TWO STARS - UNSETTLING
From the opening dialogue in which Gabriel Shear (John Travolta) explains his rabid position to government hostage negotiators to the final scene in which an Arabic terrorist is murdered to "protect the American Way of Life," Dominic Sena's film "Swordfish" is an intricate web of ethical and moral dilemmas.
Though the surreal situations exaggerate real life, the diseased patriotism used to justify the violence resembles more the logic of a Timothy McVeigh than an Oliver North. Suggesting that to protect our freedom against terrorist attacks we must have a secret, violent and immoral clandestine army is a justification that fails moral reasoning.
The central character is a brilliant computer hacker named Stanley Jobson (Hugh Jackman), whose ability got him arrested and his daughter Holly (Camryn Grimes) taken from him. With an addicted ex-wife who has taken custody from him, Stanley's desperation to reunite with his daughter makes him vulnerable when he is approached by Ginger (Halle Berry) to help hack into the international banking's internet system to steal nine billion dollars.
The mastermind behind this operation is Shear, a ruthless man who has none of the usual constraints that morality and compassion provide. He makes the lives of innocent people pawns in his alleged campaign to protect Americans from terrorist attacks.
The level of Shear's immorality and ethical emptiness is clear from the beginning of this film, which uses graphic violence and illicit sexuality as the glue that holds the action together. When an innocent hostage and the police officers attempting to save her are killed, his reasoning is simple: the cost of a few innocent lives to build an arsenal to protect Americans from terrorists by assassinating them is ethically justified.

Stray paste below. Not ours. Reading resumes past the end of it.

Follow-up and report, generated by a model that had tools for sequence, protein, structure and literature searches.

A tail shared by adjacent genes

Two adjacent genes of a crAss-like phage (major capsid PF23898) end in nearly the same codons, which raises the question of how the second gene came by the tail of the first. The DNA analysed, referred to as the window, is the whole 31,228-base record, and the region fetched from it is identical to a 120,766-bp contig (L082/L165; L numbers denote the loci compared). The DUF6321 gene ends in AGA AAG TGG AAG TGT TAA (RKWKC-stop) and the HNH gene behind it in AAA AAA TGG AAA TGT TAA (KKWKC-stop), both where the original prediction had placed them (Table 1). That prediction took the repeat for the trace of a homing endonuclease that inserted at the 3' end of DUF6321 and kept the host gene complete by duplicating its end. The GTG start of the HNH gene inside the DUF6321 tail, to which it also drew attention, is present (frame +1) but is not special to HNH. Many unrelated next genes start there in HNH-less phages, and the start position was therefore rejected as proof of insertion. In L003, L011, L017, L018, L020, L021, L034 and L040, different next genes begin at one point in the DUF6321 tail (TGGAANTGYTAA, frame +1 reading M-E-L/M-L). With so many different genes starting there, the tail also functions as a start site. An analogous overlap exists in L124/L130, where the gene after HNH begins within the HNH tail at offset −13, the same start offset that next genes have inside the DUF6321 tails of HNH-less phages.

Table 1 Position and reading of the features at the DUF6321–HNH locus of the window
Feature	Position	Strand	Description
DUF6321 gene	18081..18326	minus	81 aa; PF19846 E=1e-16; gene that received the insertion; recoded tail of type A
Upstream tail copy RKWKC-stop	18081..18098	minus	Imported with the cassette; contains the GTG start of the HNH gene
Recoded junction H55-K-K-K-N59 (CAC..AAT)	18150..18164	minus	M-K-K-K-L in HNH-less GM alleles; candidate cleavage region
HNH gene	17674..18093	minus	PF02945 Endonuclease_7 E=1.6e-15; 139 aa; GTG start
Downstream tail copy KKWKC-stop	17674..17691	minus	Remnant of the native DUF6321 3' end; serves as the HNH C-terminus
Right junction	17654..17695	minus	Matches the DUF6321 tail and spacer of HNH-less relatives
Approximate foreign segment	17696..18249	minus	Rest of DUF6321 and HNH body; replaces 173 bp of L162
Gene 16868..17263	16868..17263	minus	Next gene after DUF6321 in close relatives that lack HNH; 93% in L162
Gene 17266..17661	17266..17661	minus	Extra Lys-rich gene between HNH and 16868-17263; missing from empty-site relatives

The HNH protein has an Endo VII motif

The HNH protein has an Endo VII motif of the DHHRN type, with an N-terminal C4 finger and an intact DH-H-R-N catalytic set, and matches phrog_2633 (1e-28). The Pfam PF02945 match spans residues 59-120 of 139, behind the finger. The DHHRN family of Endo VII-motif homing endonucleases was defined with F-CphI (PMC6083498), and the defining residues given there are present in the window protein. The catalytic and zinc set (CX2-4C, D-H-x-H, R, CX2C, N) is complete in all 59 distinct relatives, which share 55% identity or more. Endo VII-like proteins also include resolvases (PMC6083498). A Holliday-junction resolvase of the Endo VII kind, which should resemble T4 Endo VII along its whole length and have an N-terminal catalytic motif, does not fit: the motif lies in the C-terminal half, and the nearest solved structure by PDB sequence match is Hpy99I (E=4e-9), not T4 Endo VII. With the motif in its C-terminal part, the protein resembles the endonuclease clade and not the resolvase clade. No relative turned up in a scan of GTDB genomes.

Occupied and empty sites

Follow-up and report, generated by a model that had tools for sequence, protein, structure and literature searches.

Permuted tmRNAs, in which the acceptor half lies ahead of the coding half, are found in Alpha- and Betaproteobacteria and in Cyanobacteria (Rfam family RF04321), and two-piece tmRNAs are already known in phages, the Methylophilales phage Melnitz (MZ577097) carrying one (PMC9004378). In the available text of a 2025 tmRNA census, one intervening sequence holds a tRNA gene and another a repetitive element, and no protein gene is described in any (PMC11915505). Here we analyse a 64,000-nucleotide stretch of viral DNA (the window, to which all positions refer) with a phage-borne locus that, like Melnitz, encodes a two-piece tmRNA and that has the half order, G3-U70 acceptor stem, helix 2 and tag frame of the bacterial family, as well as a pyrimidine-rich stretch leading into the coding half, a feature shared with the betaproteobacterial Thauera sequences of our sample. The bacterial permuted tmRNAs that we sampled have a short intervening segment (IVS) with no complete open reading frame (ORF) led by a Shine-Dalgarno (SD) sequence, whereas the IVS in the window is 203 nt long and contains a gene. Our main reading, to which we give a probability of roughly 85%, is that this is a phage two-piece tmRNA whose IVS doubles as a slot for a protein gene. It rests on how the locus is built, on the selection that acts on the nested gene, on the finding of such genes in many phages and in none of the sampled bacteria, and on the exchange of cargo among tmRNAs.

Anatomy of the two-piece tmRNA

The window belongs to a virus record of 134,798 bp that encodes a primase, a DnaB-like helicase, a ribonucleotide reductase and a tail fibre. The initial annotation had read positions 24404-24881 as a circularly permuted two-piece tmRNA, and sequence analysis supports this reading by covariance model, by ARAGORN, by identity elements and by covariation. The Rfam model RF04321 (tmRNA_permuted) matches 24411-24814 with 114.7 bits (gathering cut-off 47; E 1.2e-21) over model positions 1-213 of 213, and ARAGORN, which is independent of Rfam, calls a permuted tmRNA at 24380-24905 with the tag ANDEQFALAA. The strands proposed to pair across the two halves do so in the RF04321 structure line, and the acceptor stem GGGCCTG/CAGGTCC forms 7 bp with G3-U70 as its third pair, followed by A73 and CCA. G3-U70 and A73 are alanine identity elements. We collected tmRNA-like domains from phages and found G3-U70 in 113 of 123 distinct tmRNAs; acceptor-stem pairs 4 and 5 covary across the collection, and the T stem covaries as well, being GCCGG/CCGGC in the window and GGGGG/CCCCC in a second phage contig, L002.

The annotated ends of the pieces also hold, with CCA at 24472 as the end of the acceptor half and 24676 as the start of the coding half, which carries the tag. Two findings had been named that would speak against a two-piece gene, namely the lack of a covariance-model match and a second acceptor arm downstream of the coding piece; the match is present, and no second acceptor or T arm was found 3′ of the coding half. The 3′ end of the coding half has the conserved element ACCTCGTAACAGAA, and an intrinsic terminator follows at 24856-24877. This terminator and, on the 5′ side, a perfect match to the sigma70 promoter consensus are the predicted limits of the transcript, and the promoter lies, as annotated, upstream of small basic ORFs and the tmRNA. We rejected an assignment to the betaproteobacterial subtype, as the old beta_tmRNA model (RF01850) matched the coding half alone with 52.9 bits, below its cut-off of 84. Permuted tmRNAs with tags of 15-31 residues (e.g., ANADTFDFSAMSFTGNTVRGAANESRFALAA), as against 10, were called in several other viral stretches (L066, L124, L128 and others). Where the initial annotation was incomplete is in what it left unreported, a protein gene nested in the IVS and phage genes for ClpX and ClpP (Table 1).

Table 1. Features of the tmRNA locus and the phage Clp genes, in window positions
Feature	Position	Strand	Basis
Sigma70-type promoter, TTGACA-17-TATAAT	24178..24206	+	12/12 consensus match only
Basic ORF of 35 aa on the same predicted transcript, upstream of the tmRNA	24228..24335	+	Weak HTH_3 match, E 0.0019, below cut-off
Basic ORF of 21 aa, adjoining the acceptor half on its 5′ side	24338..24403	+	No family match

Sacrificing the lives of the few to save the lives of the many is often assumed to be a higher level of moral reasoning. But as it is twisted in the thinking of Shear, and exploded onto the screen, it gives a clearer picture to the logical extension of that faulty reasoning.
If the killing of human life is justified in the cause of some greater good, then who is to define what that greater good is to be? Is "the American Way of Life" a good that is worth killing a few innocent Americans to protect? Is retaliation against terrorist attacks a good that justifies an army of assassins funded through thievery and deceit? And if human lives are expendable in order to maintain a standard of living or a "way of life," then where does such killing end - with our own citizens, children and friends?
When Jobson is forced to assist Shears in order to save the life of his daughter and Ginger, it is clear that he puts protecting human life as the ultimate good and does whatever is necessary to save their lives. This is shown as the only morality that can see us through the morass of opinions produced by our political, ethical, legal and cultural plurality.
If we become a world in which the pragmatic immorality of Shears becomes justification for our violence, then we will be a world where we will bomb cities to win wars and kill children to protect our economic "way of life." It is clear that such a culture will destroy itself in its misguided attempt to protect itself.